Melbourne, Australia
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6. Re: Road trip hotel ?

We did a 5 week 8000 mile road trip last October and other than first 3 nights didn't prebook anything. Only time we couldn't find a room was on a Saturday afternoon near Baton Rouge due to LSU v Alabama football match and had to continue on to Layfette about one hour away.

We stayed in lot of places that I never initially planed on as I only really knew of major cities and in the end found it easier and cheaper to do so.

Lewes, United...
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7. Re: Road trip hotel ?

Hi

I think out of season can be often completely low risk to not pre book hotels, and can give you the flexibility to stop early on press on each day, depending on road conditions, mood, etc. We often don't book every night of our trips. However, it depends on where you are. If you are near a really popular national park, and Yellowstone very much fits this category, then pre booking to get lodging ideally inside the park, or alternatively in the few and relatively small communities just outside the gates such as West Yellowstone is worth it, nay essential.

If you go down the not booking route, then stop at the TICs just inside state boundaries as they have good free paper maps and sometimes books of coupons for hotel discounts.

SWT

Chula Vista...
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8. Re: Road trip hotel ?

Hi,

One thing that I use is a smartphone app from several of the major hotel chains (Choice Hotels, International Hotels Group (Holiday Inn, Holiday Inn Express) with my rewards program for each. The app will determine your location and find hotels within a radius of where you are. You can make a reservation directly through the app.

So when I'm on one of my "make-it-up-as-I-go" trips, around noon to 2 PM, I'll try to figure out how much further I want to drive, open up the app, and look for a hotel near where I think I'll end the day. If there's a room available, I'll check ratings on my TA app to make sure it isn't a dive and, if it's acceptable, I'll book the room. Then I can spend the rest of the day at a more leisurely pace knowing that I have someplace to sleep whenever I'm done playing.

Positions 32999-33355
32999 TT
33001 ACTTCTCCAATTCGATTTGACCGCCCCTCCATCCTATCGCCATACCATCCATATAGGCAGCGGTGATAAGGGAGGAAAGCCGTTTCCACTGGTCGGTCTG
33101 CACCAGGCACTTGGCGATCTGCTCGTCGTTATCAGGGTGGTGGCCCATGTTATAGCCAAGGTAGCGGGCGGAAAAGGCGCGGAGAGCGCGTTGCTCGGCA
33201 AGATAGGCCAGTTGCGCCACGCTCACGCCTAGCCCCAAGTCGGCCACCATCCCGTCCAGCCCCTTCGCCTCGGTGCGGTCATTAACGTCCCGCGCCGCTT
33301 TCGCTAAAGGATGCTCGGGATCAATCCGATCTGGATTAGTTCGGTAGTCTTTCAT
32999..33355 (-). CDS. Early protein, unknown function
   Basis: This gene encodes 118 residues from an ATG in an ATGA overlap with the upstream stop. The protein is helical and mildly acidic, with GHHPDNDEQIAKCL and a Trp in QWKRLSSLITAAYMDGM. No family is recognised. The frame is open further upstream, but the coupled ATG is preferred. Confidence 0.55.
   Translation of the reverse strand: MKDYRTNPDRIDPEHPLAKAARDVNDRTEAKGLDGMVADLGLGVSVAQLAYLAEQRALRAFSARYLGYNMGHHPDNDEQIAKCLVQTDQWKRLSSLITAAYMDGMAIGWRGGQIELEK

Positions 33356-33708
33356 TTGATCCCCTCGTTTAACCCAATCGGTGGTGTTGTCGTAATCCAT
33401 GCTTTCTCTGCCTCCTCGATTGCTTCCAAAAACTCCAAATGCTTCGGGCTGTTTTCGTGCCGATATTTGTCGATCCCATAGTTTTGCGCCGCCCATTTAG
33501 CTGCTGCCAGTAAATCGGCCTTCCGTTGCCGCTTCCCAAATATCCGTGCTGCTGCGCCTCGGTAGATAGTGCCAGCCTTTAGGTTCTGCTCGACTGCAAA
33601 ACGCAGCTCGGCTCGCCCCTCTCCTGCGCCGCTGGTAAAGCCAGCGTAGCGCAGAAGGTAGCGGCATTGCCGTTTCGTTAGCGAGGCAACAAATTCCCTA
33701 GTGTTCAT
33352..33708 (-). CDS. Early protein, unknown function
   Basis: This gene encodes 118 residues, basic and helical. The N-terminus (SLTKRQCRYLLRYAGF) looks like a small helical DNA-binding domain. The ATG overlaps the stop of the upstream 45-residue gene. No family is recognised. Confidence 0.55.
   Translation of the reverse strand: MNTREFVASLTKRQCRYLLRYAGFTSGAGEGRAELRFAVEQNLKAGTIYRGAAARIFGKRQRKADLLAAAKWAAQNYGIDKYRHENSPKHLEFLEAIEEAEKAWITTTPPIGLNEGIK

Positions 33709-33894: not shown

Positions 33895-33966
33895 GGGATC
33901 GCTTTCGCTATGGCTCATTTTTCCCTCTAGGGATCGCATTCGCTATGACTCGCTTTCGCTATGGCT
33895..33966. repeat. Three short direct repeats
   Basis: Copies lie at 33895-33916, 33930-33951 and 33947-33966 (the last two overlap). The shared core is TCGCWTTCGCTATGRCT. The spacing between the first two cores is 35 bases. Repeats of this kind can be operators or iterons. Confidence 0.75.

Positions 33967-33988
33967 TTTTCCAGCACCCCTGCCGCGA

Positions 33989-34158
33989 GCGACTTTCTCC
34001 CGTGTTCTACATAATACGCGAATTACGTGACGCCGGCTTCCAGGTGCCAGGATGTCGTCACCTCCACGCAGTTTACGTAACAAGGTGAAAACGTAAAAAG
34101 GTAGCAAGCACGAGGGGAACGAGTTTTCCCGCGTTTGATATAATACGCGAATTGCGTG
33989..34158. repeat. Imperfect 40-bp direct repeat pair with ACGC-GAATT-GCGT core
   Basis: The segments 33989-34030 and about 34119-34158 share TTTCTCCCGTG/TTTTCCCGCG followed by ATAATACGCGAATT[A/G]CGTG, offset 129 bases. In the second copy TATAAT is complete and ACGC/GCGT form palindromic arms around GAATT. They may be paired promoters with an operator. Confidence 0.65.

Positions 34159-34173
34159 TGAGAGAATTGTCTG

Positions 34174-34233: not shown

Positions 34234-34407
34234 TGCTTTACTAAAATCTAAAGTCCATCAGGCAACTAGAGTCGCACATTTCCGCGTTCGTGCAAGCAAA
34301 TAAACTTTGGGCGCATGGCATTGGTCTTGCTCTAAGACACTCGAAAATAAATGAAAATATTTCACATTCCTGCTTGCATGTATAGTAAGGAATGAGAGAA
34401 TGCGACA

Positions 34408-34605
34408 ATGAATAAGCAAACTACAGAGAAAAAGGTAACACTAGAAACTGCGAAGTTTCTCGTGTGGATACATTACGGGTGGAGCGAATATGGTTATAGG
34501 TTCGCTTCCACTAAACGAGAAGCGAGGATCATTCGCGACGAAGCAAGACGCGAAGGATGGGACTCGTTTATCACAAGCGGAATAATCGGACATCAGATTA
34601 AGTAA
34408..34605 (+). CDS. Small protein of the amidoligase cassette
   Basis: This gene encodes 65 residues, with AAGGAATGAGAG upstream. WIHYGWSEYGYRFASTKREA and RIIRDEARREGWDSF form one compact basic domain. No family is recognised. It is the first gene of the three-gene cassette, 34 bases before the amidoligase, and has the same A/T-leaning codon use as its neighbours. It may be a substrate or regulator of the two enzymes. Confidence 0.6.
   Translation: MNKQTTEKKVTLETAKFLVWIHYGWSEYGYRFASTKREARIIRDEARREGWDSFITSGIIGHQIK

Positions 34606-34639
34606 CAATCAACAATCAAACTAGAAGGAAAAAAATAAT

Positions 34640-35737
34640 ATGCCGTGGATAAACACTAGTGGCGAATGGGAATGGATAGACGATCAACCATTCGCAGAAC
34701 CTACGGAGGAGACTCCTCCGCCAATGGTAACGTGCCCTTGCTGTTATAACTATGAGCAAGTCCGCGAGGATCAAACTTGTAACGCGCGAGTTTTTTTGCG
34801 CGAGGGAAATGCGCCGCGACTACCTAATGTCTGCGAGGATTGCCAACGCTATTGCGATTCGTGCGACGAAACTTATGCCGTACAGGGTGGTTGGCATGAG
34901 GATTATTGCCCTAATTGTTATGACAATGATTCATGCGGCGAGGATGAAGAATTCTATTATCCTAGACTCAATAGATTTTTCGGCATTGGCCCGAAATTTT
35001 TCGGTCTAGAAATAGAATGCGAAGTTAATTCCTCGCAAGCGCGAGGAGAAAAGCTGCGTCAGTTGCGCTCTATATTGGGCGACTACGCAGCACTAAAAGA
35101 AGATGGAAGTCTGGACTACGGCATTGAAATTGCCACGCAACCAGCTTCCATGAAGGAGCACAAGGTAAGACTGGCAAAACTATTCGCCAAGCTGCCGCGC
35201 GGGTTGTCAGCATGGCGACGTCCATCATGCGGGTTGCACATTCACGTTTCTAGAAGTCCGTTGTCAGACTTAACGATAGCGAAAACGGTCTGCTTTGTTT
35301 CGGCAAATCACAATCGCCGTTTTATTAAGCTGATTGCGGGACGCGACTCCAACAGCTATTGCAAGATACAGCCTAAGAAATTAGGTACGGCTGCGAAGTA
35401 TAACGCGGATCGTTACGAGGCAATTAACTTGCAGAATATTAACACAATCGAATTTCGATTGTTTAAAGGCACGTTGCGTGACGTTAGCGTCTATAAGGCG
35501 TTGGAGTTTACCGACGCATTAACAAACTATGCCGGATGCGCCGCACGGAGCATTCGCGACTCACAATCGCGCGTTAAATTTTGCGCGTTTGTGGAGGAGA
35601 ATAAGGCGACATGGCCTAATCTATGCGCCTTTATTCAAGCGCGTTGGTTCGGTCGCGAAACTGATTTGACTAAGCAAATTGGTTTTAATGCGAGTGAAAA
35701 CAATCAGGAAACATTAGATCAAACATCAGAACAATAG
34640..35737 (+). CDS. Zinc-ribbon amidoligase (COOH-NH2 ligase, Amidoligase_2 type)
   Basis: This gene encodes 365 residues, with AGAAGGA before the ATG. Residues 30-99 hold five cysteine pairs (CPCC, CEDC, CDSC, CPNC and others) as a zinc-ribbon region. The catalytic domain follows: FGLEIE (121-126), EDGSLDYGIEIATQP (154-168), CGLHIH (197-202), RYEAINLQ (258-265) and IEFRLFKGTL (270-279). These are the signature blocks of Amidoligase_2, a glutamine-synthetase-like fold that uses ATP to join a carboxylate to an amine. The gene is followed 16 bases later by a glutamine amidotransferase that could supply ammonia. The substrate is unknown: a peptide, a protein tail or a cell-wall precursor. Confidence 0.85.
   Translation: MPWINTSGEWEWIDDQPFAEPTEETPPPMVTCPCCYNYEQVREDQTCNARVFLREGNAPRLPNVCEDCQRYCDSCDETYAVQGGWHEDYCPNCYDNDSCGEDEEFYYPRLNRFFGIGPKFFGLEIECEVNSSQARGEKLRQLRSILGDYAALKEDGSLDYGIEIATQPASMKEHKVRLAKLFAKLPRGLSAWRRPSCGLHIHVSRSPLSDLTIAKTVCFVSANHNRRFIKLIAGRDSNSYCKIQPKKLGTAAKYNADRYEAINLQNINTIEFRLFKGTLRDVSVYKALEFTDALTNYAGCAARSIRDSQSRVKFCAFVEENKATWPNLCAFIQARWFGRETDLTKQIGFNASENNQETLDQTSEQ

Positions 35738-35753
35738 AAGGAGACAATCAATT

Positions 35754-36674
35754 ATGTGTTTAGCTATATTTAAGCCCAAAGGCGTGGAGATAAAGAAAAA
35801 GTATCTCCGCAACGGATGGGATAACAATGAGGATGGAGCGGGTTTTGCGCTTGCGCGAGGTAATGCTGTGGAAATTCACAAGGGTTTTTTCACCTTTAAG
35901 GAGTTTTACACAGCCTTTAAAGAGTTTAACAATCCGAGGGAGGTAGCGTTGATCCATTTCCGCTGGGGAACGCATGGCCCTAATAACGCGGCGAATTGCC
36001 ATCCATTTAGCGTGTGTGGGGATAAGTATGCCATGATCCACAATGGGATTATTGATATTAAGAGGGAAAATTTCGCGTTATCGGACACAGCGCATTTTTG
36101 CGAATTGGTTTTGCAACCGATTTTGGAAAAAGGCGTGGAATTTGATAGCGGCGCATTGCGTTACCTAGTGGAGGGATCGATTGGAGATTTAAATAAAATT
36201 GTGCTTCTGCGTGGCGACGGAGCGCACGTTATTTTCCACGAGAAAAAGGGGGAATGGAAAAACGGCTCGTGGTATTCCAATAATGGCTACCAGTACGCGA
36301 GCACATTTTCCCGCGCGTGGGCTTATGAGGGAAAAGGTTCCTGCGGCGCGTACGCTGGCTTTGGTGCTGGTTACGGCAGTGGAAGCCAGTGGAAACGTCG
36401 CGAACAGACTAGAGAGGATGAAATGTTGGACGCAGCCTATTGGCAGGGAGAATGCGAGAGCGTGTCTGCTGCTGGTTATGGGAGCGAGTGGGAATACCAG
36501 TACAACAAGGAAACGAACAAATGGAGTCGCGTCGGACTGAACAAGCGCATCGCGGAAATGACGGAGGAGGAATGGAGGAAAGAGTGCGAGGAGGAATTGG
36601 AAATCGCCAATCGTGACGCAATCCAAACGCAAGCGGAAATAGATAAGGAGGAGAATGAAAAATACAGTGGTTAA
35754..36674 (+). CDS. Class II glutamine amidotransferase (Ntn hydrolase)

The only caveat to that method is that sometimes you're booking the hotel within the hotel's cancellation period and you can't cancel without penalty.

Enjoy your trip.

Zed

Lewes, United...
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9. Re: Road trip hotel ?

Zed - You've given me another reason why we could really use a 'proper' US cellphone, rather than the burner phones we normally use that time out! Using our UK phones is far too expensive to roam.

SWT

Amsterdam, The...
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10. Re: Road trip hotel ?

Hello uop!

Interesting question and reading the replies makes me realize again that every body has a different way of traveling. I have done many many road trips, through Europe, North America (US and Canada) South East Asia and Africa.

I have learned a couple of things along the way. Probably most important thing I have learned is to leave my urge of 'control' at home. The more I planned my hotels, the more I ended up stressing along the way to make sure I was there in time, wondering if I had made the right deal, hoping the hotel would turn out the way I thought it would and I noticed that I often would set myself up for disappointment.

On top of that, I noticed that almost always, the hotels I would end up staying in were not sold out at all. And when I started working in a hotel in Amsterdam, I learned that most hotel s have 'spare' rooms, for in case the hotel made a mistake and got overbooked.

What I usually do is this: I keep in mind what my route would roughly be. (get a good map). Then I head out and make sure I look out for a place to stay from 3 pm on. The later it gets, the less chance you find something but since that will almost never happen, the later it gets the more pressure you put on your mind so things get stressy the later it gets with no place to stay.

Experience in this will teach you a lot. Just my two cents I guess.. Good luck!